Southernwood, FieldBotanical Name: Artemisia campestris Part Used: Herb.
The Field Southernwood is common in most parts of Europe, but rare in Britain, occurring only on sandy heaths in Norfolk and Suffolk. It is perennial, like the other species of Artemisia with a rather thick, tapering root, but uniike them, its foliage is not aromatic. The slender, grooved stems, until flowering, are prostrate; the leaves are silky when young, but nearly smooth when mature, the segments few in number, but very slender, 1/4 to 1/2 inch long, terminating in a point with their margins recurved. The flower-heads are small and numerous, in long, slender, drooping racemes, the florets yellow and are in bloom in August and September. Medicinal Action and Uses: Dr. John Hill says of Field Southernwood that it is of a: 'warm, fine, pleasant, aromatic taste, with a little bitterness, not enough to be disagreeable. It wants but to be more common and more known to be very highly valued . . . and one thing it is in particular, it is a composer; and always disposes the person to sleep. Opiates weaken the stomach and must not be given often where we wish for their assistance; this possesses the soothing quality without the mischief.' This species of Artemisia has the same qualities, in a lesser degree, as the garden Southernwood, and Linnaeus recommended an infusion of it as of use in pleurisy.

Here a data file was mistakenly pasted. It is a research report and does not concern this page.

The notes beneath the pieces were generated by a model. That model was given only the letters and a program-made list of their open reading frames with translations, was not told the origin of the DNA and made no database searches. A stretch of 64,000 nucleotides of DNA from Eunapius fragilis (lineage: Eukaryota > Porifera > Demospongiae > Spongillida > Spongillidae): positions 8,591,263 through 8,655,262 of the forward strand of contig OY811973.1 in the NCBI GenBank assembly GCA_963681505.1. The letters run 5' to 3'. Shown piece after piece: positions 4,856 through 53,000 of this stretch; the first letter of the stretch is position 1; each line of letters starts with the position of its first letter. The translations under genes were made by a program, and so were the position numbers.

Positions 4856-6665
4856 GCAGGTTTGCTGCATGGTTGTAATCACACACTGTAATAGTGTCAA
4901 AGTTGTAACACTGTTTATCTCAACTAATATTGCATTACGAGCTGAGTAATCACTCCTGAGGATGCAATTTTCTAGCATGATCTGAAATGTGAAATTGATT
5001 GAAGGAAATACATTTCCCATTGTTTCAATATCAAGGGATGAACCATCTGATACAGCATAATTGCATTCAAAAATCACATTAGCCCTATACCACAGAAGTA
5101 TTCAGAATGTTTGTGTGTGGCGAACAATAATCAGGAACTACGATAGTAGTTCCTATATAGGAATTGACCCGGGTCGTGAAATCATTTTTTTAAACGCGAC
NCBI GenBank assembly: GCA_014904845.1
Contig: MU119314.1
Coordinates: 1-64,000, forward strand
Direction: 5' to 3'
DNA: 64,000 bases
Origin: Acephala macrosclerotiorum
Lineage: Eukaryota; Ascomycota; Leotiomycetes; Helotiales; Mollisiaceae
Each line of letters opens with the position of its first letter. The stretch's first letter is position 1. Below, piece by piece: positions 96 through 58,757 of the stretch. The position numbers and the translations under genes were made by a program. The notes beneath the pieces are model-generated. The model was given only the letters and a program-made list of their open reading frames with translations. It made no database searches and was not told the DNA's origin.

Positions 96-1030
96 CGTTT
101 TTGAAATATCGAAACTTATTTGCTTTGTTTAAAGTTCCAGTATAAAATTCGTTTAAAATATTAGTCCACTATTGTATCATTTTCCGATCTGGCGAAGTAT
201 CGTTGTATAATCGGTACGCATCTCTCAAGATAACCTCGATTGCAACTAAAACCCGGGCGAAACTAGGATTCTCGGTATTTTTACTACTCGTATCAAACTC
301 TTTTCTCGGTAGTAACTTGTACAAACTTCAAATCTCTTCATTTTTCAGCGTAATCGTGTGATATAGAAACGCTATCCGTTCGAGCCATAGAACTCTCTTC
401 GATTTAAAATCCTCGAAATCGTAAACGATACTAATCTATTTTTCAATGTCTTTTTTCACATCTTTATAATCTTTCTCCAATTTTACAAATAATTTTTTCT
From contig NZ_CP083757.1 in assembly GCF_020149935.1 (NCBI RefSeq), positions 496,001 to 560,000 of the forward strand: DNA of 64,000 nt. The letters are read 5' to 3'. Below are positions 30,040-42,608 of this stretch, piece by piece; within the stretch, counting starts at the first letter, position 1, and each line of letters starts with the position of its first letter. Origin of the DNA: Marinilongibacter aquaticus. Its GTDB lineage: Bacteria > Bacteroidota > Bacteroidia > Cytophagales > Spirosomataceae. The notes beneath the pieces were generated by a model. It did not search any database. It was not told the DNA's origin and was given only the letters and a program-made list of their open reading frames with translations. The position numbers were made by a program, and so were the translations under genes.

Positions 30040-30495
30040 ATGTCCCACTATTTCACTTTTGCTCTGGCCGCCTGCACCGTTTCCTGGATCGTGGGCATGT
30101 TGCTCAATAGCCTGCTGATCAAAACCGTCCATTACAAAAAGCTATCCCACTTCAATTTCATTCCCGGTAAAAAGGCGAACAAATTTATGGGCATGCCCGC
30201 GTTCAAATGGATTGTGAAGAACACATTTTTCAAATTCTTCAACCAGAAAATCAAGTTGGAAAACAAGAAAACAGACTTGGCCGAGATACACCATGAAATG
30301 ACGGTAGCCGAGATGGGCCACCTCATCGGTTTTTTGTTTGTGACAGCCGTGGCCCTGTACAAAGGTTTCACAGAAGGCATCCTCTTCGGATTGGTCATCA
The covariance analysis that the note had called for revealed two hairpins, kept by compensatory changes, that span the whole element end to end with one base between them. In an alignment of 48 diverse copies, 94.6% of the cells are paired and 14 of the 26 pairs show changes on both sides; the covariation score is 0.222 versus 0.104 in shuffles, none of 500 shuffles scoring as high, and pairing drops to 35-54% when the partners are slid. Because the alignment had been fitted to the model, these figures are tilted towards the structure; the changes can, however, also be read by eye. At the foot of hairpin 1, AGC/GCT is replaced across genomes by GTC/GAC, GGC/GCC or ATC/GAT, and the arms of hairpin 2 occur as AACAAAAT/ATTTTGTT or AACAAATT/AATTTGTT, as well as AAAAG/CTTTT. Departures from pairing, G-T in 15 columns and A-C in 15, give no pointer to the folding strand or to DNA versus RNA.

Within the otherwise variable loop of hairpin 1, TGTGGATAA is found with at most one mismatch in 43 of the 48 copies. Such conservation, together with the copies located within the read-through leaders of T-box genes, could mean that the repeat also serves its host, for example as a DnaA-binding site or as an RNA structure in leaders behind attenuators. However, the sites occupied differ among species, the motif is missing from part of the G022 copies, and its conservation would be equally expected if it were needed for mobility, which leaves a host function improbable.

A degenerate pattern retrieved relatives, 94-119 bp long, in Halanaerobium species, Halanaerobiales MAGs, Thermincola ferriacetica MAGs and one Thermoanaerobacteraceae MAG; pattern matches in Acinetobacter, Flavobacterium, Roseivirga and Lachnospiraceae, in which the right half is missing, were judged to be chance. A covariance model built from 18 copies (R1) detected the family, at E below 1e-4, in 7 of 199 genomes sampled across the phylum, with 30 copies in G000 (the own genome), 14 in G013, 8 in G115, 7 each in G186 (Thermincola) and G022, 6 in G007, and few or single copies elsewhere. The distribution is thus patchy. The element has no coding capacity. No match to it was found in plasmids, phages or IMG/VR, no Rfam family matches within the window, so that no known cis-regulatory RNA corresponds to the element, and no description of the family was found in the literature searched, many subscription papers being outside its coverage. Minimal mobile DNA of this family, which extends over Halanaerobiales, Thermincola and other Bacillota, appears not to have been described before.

Cultivation of Species of Artemisia: The Common Wormwood, Mugwort and Southernwood are regularly cultivated on some of the old established drug farms. They are grown in rows about 2 feet apart each way, and need no further care than to be kept free from weeds, growing in almost any soil. Mugwort and Common Wormwood may also be collected in the wild state.
Artemisia Dracunculus is the well-known culinary herb 'Tarragon,' a native of Siberia. It differs from the majority of its fellows in that its leaves are narrow and lance-shaped, of a bright green colour, and possess a peculiar aromatic taste, without the characteristic bitterness of the genus.
The Wormwood so frequently mentioned in Scripture is most probably A. judaica, growing in the Southern Desert.